Technology continues to play a profound role in shaping the global risks landscape. Concerns about data fraud and cyber-attacks were prominent again in the GRPS, which also highlighted a number of other technological vulnerabilities: around two-thirds of respondents expect the risks associated with fake news and identity theft to increase in 2019, while three-fifths said the same about loss of privacy to companies and governments. There were further massive data breaches in 2018, new hardware weaknesses were revealed, and research pointed to the potential uses of artificial intelligence to engineer more potent cyber-attacks. Last year also provided further evidence that cyber-attacks pose risks to critical infrastructure, prompting countries to strengthen their screening of cross-border partnerships on national security grounds. The product that I have in mind today is also viewed by hostile units as an easy product to infect and disable larger populations by disrupting the machinery of treatment plants.
The use of chemicals as a terrorist weapon should also not overlooked.
Changes in how we live have increased the risk of a devastating outbreak occurring naturally, and emerging technologies are making it increasingly easy for new biological threats to be manufactured and released either deliberately or by accident. The world is badly under-prepared for even modest biological threats, leaving us vulnerable to potentially huge impacts on individual lives, societal well-being, economic activity and national security. Revolutionary new biotechnologies promise miraculous advances, but also create daunting challenges of oversight and control — as demonstrated by claims in 2018 that the world’s first gene-modified babies had been created.
Having more people using all sorts of chemical drugs, urinating the surplus brings a lot of dangerous material in the waste-water and makes it more difficult and more expensive to clean the water to get again drinkable clean water.
Rapidly growing cities and ongoing effects of climate change are making more people vulnerable to rising sea levels. Two-thirds of the global population is expected to live in cities by 2050 and already an estimated 800 million people live in more than 570 coastal cities vulnerable to a sea-level rise of 0.5 metres by 2050. In a vicious circle, urbanization not only concentrates people and property in areas of potential damage and disruption, it also exacerbates those risks—for example by destroying natural sources of resilience such as coastal mangroves and increasing the strain on groundwater reserves. Intensifying impacts will render an increasing amount of land uninhabitable. There are three main strategies for adapting to rising sea-levels: (1) engineering projects to keep water out, (2) nature-based defences, and (3) people-based strategies, such as moving households and businesses to safer ground or investing in social capital to make flood-risk communities more resilient.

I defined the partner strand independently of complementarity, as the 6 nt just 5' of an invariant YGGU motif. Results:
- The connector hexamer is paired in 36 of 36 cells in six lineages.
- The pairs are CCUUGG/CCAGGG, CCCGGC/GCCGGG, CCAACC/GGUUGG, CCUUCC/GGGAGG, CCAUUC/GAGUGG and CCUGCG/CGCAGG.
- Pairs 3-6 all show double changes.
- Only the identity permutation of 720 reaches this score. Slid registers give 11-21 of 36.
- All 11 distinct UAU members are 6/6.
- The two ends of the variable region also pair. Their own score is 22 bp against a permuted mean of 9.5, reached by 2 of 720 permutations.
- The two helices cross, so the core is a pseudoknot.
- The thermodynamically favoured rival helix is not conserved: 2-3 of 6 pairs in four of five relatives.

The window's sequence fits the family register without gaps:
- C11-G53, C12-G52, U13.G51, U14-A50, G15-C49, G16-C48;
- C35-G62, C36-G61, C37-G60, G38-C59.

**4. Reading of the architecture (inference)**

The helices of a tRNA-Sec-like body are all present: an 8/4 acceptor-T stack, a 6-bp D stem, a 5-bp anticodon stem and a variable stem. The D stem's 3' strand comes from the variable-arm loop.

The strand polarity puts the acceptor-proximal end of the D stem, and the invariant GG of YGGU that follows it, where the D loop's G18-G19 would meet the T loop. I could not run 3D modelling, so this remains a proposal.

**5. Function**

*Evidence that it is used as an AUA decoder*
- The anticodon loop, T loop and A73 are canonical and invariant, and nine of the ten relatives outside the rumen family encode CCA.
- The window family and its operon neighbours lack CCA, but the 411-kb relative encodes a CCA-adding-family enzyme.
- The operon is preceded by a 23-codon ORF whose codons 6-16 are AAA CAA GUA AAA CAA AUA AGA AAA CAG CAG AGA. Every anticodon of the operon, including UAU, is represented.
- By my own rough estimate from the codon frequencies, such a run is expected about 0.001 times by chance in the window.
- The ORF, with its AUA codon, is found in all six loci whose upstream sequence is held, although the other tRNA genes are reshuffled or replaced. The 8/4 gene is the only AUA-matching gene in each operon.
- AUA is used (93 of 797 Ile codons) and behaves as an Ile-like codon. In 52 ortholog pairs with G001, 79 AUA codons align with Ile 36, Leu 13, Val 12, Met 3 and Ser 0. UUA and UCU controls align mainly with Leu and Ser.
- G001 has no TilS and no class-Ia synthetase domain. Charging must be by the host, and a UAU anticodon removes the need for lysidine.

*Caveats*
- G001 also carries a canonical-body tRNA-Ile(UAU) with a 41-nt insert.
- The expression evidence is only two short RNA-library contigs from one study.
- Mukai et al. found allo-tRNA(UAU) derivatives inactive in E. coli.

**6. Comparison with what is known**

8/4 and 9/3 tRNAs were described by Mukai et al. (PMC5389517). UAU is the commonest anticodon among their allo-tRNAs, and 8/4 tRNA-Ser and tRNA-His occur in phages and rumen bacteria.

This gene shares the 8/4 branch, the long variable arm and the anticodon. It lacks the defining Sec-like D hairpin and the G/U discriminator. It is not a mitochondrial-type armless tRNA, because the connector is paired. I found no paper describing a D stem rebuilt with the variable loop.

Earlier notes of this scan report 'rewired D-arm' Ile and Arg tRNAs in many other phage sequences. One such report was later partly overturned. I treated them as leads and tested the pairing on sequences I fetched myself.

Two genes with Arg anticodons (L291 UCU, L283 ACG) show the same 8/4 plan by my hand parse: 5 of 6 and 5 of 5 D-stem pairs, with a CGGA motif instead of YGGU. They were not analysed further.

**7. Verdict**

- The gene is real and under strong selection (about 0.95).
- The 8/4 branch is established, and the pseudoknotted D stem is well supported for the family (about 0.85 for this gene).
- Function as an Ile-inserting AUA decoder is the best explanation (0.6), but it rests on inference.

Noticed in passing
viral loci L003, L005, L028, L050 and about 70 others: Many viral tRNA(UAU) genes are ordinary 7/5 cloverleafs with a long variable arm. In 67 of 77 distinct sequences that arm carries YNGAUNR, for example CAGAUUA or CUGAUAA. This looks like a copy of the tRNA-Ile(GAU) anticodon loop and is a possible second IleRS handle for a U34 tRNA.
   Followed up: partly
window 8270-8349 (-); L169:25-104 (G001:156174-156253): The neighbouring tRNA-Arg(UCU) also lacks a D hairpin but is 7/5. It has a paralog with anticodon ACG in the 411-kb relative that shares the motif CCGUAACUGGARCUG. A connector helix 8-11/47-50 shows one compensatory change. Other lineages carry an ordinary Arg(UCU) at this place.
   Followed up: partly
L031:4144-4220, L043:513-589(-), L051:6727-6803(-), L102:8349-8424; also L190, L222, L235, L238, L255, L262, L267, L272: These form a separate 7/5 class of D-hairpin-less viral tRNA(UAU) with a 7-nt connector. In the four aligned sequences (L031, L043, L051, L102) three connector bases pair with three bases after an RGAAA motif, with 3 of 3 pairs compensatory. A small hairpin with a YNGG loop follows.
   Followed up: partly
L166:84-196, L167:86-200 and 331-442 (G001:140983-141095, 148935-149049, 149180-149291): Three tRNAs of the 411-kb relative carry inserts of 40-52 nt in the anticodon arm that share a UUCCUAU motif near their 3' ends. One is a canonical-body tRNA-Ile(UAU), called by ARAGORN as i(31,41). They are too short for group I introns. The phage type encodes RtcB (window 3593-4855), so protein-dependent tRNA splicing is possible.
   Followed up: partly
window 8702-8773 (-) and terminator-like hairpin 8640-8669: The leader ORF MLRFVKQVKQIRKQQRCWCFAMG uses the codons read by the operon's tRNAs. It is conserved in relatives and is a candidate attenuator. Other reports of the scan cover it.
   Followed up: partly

- The natural beauties of life
- How to make sustainable, green habits second nature
- Vatican meeting of mayors talking about global warming, human trafficking and modern-day slavery
- Pope Francis Raises Hopes for an Ecological Church
- Republican member of Congress from Arizona to boycott pope’s address over climate change
- What we don’t say about the refugee crisis?
- 2016 It’s a New Year!
- Building a low-carbon world: the sixth industrial revolution
- UK Politicians willing to tear up decades of environmental protections
- Senator Loren Legarda says climate change not impossible to address
- Spring Pools
- Air-conditioning treath and HFCs extremely powerful heat-trappers
- Holistic policies and practices to protect, restore and sustain healthy forests
- Let’s Jump On The Bandwagon
- Africa’s human existence and development under threat from the adverse impacts of climate change
- Climate Council: without action, rising seas will cost us billions
- R20 in Paris: Climate-KIC CEO Calls on Climate Change Leaders to Focus Their Efforts on Creating Sustainable Cities
- Oil Prices Soar on OPEC Pact, Geopolitical Tensions
- NUSA DUA, Indonesia | The Latest: IMF pledges to guard growth, financial stability
- Heavy Rains Hits Nairobi City
- Stocks fall on disappointing earnings, geopolitical tensions
- What are the most common types of cyber attacks?
- India Second Most Affected Country Due To Cyber Attacks: Report
- The Kremlin’s cyber contractors. What motives? What risks?
- Dell computers vulnerable to remote control
- New Cyber Security Study Broke Down +32 Millions Cyber Attacks Across More Than 200 Countries Worldwide
- First, Japan develops computer viruses to defend itself against cyber attacks